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Saturday, February 25, 2012

Warpology


During winding I keep the threads as close to the base of the pegs as possible.


This warp I'm using 8 yarn packages to make 4 stripes.  Each spool/cone sits below a reed and each yarn gets threaded through the reed to prevent the packages from tipping over.  The yarn feeds straight up from the tube/cone through the reed.


I just let the unused threads dangle off the last peg at the bottom.  It looks a bit messy but the reed keeps the threads in their order.


Here is the first half of the warp tied off ready to remove from the warping board.  I tie off the four 'arms' of the cross rather than the waist.  I found that if I tied the waist of the X the threads got compressed together and were difficult to sort out for rough sleying.  (Or for threading when dressing the loom front to back.)

And here is the first warp chain in the plastic bin.  I let the end with the cross dangle out over the side of the bin so it's easy to find.  On my Leclerc warping board I can wind up to 15" in warp (depending on the yarn). This warp is about 24 inches so I wind two chains about 12" each.

Tomorrow I'll wind the second half of the warp and it will be all ready for when I get home.

6 comments:

barbara said...

Hi Laura,
I am trying to see on the picture, do the threads from each spool go straight up from the spool and through the reed? The light bulb just came on, you have them in the color you need in sections on the floor, and use only a few threads at a time ...... I was thinking this might be useful for sectional warping, and just realize that won't work. Weaverly yours & safe travels. Barbara

Jenny said...

Just love it!! Beautiful textiles you create. I like to draw lace and textiles...please visit me at
www.sweetnuptial-ideas-at.com
and
www.befreckledallover.blogspot.com

Is weaving relaxing?? It seems like it would be...

Take care,
Jenny

Klara said...

Hi Laura,
Please check whether I've got this right: You wind a 12-inch-wide warp on what looks like at most 2 inches of peg space. Meaning you layer the warp ends. Which means the ends wound later are longer than the ends wound earlier. As you are using very fine yarns (well, finer than I've ever worked with so far) the length difference seems to be negligible - at least it doesn't cause you any problems.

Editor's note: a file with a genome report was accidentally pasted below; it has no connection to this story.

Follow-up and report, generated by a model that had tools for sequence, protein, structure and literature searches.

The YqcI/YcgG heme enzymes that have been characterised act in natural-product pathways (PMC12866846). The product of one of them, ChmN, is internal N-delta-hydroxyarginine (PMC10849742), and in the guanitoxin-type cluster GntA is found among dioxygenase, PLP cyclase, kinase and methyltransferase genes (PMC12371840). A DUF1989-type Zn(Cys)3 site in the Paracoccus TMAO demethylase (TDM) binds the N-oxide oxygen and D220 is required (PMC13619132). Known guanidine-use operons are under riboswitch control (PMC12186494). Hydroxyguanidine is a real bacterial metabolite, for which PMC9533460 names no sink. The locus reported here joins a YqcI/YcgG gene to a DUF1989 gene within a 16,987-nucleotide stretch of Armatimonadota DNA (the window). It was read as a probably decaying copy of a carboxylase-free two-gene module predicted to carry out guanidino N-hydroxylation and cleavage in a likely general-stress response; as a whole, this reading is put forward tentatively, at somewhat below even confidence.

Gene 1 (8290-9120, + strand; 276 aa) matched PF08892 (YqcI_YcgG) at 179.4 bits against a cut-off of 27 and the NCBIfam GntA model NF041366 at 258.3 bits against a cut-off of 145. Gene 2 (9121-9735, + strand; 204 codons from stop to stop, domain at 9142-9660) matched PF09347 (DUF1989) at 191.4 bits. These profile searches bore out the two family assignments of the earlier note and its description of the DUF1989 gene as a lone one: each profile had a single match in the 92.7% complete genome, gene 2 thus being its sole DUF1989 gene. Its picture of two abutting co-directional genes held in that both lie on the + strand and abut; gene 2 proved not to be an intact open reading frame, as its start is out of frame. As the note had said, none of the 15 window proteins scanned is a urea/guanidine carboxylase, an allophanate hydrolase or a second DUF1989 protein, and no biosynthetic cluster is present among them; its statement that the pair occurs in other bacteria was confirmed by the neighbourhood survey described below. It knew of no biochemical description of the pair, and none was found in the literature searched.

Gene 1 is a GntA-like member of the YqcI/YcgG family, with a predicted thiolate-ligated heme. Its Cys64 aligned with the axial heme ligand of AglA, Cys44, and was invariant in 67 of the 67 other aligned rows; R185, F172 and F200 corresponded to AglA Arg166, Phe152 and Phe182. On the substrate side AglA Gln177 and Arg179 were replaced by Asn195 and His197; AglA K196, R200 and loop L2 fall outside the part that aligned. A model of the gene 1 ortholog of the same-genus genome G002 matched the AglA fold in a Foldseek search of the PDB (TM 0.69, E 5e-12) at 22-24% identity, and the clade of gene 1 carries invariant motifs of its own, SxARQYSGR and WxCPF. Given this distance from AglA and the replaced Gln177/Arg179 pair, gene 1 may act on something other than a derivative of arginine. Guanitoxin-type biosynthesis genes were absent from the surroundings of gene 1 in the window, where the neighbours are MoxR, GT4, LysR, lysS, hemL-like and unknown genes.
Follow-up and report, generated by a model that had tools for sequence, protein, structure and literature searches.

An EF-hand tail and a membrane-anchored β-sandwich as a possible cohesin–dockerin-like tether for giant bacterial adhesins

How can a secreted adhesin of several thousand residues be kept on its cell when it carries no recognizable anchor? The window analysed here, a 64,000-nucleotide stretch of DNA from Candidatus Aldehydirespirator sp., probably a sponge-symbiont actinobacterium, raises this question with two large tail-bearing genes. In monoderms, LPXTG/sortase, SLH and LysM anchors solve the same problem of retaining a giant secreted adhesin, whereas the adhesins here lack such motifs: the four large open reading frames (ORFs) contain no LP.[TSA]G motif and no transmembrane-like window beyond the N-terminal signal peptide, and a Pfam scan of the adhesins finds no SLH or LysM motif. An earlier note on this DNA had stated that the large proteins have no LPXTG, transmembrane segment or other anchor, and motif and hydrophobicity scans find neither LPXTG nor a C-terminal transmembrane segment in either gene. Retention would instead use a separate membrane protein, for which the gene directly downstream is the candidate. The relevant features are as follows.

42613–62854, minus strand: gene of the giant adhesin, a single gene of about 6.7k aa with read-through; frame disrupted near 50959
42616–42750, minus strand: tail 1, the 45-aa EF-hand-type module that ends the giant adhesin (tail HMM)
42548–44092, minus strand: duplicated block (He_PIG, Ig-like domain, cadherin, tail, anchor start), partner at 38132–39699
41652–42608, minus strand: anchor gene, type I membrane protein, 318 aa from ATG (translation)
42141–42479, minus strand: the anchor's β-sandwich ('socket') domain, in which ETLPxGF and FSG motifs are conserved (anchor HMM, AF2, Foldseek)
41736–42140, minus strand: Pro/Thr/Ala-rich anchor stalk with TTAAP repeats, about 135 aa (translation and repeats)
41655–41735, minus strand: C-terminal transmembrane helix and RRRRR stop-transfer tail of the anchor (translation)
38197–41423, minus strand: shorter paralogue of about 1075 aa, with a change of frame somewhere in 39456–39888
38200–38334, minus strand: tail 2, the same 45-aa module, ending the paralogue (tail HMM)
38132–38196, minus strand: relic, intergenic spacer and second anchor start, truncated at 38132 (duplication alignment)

But, when I am working with rather thick yarn (e. g. one that would be a good fit for a 40/10 reed, simply sleyed) - isn't it better when I wind end besides end to the ends of the pegs? That's what I've done so far (I built my warping board with rather sturdy pegs and kept them so short that they seem pretty inflexible to me, and I try to keep the tension rather low, so as not to bend the pegs), and it worked fine, too. Except it was rather annoying having to do several chains for wider warps (but there weren't all that many of them on my RH loom).

Are my conclusions right or could I put several layers of thicker yarn on my warping board without it changing anything?

Thanks for sharing your experience with us! Klara

Laura said...

Hi Barbara, yes, I'm only winding two threads at a time making stripes in the warp. The yarns are set out on the floor in the order in which they are being used (in this instance) from left to right and reverse.

Hi Jenny, yes, I find weaving very relaxing. And at times frustrating when things go 'wrong'!

Hi Klara, no I don't layer them, I lay them side by side and then push them close together. As I wind, I keep pushing them close together. I show this on CD Weaver - will mail the cd on Monday so you can see how it works (although the video clip on You Tube is the same as on the cd)

cheers,
Laura

Thistle Rose Weaving said...

Laura, I like your idea of using the reed to keep all the threads in order and untangled. I am going to use this the next time I warp using more than 2 colors. You always teach me something new! Thank you dear lady.

Laura said...

I use the reed even when I'm only winding from one yarn package. The thread comes straight up off the tube/cone and it doesn't try to tip the cone over or snag on the top of the tube. :) I learned that tip from Allen Fannin's book Handloom Weaving Technology.

cheers,
Laura